Objective: Anti–programmed death (PD)-1 therapy confers sustainable clinical benefits for patients with non–small-cell lung cancer (NSCLC), but only some patients respond to the treatment. Various clinical characteristics, including the PD-ligand 1 (PD-L1) level, are related to the anti–PD-1 response; however, none of these can independently serve as predictive biomarkers. Herein, we established a machine learning (ML)–based clinical decision support algorithm to predict the anti–PD-1 response by comprehensively combining the clinical information. Materials and methods: We collected clinical data, including patient characteristics, mutations and laboratory findings, from the electronic medical records of 142 patients with NSCLC treated with anti–PD-1 therapy; these were analysed for the clinical outcome as the discovery set. Nineteen clinically meaningful features were used in supervised ML algorithms, including LightGBM, XGBoost, multilayer neural network, ridge regression and linear discriminant analysis, to predict anti–PD-1 responses. Based on each ML algorithm's prediction performance, the optimal ML was selected and validated in an independent validation set of PD-1 inhibitor–treated patients. Results: Several factors, including PD-L1 expression, tumour burden and neutrophil-to-lymphocyte ratio, could independently predict the anti–PD-1 response in the discovery set. ML platforms based on the LightGBM algorithm using 19 clinical features showed more significant prediction performance (area under the curve [AUC] 0.788) than on individual clinical features and traditional multivariate logistic regression (AUC 0.759). Conclusion: Collectively, our LightGBM algorithm offers a clinical decision support model to predict the anti–PD-1 response in patients with NSCLC.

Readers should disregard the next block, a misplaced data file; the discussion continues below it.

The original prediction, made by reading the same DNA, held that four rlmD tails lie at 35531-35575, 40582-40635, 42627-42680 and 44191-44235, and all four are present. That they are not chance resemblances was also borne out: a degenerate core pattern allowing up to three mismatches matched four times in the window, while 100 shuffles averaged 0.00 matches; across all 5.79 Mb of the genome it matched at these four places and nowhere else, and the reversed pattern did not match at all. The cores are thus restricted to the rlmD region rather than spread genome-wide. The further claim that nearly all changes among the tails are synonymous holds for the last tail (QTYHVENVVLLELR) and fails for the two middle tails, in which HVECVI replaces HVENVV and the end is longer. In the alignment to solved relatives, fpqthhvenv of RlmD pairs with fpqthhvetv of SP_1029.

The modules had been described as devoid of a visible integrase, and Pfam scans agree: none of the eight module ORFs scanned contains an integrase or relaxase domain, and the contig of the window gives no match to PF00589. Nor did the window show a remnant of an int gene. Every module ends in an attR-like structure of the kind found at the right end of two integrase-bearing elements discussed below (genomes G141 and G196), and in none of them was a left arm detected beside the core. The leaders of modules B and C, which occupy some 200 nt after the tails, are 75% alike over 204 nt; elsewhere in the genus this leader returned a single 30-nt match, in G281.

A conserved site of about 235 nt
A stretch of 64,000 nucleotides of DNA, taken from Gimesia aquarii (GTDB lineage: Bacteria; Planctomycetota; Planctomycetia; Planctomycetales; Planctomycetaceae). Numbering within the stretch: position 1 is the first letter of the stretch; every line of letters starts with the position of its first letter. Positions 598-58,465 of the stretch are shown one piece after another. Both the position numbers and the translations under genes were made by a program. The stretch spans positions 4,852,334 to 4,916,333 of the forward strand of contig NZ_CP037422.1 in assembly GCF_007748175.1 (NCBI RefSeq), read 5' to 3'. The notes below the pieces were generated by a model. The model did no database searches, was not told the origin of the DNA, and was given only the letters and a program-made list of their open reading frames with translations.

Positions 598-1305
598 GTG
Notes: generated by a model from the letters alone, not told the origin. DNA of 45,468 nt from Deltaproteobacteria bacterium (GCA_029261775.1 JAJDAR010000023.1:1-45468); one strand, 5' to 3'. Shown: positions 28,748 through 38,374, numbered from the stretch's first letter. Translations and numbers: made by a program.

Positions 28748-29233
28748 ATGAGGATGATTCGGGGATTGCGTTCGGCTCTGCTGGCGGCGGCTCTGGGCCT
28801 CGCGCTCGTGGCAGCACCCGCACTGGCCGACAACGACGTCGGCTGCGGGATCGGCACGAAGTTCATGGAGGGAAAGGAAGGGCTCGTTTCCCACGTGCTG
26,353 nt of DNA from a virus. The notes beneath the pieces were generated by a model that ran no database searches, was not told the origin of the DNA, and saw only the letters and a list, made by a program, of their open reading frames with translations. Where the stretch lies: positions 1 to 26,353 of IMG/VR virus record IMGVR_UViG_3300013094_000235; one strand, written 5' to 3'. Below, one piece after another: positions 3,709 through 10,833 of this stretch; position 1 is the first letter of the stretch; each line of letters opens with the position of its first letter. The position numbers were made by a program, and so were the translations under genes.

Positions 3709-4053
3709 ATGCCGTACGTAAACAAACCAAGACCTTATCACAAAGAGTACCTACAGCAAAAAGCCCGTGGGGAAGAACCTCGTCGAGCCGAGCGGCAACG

Bibliographical noteFunding Information:
This research was supported by the Bio & Medical Technology Development Program of the National Research Foundation funded by the Ministry of Science and ICT [grant numbers NRF-2019M3A9B6065231 , 2017M3A9E8029717 , 2017M3A9E9072669 ]. This study was supported by a Dongin Sports research grant of Yonsei University College of Medicine (6-2019-0128).
All Science Journal Classification (ASJC) codes
- Cancer Research